But there’s another interpretation.

When stars explode as supernovae, they forge heavier elements that are blown out into space. Shouldn’t the companion show evidence of contamination by the metals from BH3’s supernova?

“What strikes me is that the chemical composition of the companion is similar to what we find in old metal-poor stars in the galaxy,” explains Elisabetta Caffau of CNRS, Observatoire de Paris, also a member of the Gaia collaboration.

“There is no evidence that this star was contaminated by the material flung out by the supernova explosion of the massive star that became BH3.” From this perspective, the pair may not have formed together. Instead, the black hole could’ve acquired its companion only after its birth, capturing it from another system.

BH3 and the two other black holes found by Gaia are dormant. That means there’s nothing close enough for them to “feed” on.

Even though BH3 has a companion, it’s about 16 AU away. If BH3 was actively accreting matter, it would release energy that would betray its presence. Its dormancy enabled it to remain undetected.

At only 2,000 light years away, astronomers are bound to keep studying BH3.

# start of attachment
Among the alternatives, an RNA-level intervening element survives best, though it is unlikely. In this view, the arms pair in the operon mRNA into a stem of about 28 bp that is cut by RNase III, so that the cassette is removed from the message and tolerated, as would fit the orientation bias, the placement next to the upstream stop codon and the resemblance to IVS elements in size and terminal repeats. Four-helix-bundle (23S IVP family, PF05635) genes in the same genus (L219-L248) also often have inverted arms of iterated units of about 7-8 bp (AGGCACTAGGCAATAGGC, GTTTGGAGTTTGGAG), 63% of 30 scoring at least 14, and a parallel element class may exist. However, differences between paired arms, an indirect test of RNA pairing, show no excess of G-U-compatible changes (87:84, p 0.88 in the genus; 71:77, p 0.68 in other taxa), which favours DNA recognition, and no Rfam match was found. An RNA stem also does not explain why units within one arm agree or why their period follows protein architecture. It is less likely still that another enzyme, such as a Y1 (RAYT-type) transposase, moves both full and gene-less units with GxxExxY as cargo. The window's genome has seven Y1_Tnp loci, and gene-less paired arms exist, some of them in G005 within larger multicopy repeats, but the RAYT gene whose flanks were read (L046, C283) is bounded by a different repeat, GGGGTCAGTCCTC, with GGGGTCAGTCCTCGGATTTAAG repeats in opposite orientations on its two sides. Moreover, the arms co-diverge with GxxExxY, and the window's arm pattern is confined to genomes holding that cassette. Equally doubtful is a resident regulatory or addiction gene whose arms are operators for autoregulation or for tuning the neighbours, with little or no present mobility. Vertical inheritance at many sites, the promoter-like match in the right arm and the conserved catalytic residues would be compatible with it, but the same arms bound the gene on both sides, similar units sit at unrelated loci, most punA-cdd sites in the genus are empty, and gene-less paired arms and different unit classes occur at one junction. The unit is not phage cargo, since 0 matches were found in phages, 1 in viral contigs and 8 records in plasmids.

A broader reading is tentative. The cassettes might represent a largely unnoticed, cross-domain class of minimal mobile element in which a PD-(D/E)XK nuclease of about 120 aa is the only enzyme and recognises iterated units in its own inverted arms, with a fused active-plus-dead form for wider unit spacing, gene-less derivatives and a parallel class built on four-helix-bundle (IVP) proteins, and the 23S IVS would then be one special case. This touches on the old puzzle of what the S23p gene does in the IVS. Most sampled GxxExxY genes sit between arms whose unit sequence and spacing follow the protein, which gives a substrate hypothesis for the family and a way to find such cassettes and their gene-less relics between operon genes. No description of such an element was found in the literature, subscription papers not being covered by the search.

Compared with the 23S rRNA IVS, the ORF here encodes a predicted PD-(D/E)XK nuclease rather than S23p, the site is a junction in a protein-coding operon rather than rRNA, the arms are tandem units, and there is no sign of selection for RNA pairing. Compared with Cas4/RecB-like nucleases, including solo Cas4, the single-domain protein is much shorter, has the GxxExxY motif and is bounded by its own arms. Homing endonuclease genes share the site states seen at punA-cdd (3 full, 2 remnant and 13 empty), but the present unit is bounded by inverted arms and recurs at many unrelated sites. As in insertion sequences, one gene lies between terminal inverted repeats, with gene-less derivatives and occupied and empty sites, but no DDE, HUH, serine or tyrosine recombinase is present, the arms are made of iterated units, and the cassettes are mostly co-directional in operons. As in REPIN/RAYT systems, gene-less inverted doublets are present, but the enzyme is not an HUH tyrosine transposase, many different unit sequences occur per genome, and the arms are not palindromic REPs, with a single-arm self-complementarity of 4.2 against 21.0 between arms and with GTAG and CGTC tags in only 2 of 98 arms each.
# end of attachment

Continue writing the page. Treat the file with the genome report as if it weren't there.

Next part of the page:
“Finally, the bright magnitude of the system and its relatively small distance makes it an easy target for further observations and detailed analyses by the astronomical community,” the discoverers write in their research letter.

This discovery may have been serendipitous, but it was no accident. A dedicated team of researchers scours Gaia data for stars with odd companions. This includes light and heavy exoplanets, other stars, and black holes. Gaia can’t spot planets or dormant black holes but can spot their effect on their stellar companions.

The researchers behind the discovery released their findings before Gaia’s next official data release. They felt it was too important to sit on.

“We took the exceptional step of publishing this paper based on preliminary data ahead of the forthcoming Gaia release because of the unique nature of the discovery,” said co-author Elisabetta Caffau, also a Gaia collaboration member and CNRS scientist from the Observatoire de Paris – PSL.

“We have been working extremely hard to improve the way we process specific datasets compared to the previous data release (DR3), so we expect to uncover many more black holes in DR4,” said Berry Holl of the University of Geneva, in Switzerland, member of the Gaia collaboration.

“This discovery should also be seen as a preliminary teaser for the content of Gaia DR4, which will undoubtedly reveal other binary systems hosting a BH,” the authors conclude.

Gaia DR4 is scheduled to be released no sooner than the end of 2023. If past data releases are any indication, the data will be full of new discoveries.

If there are enough binary stellar mass black holes in the data, astronomers may get closer to understanding where they come from and if massive stars behaved differently in the early Universe.

Written by Evan Gough/Universe Today.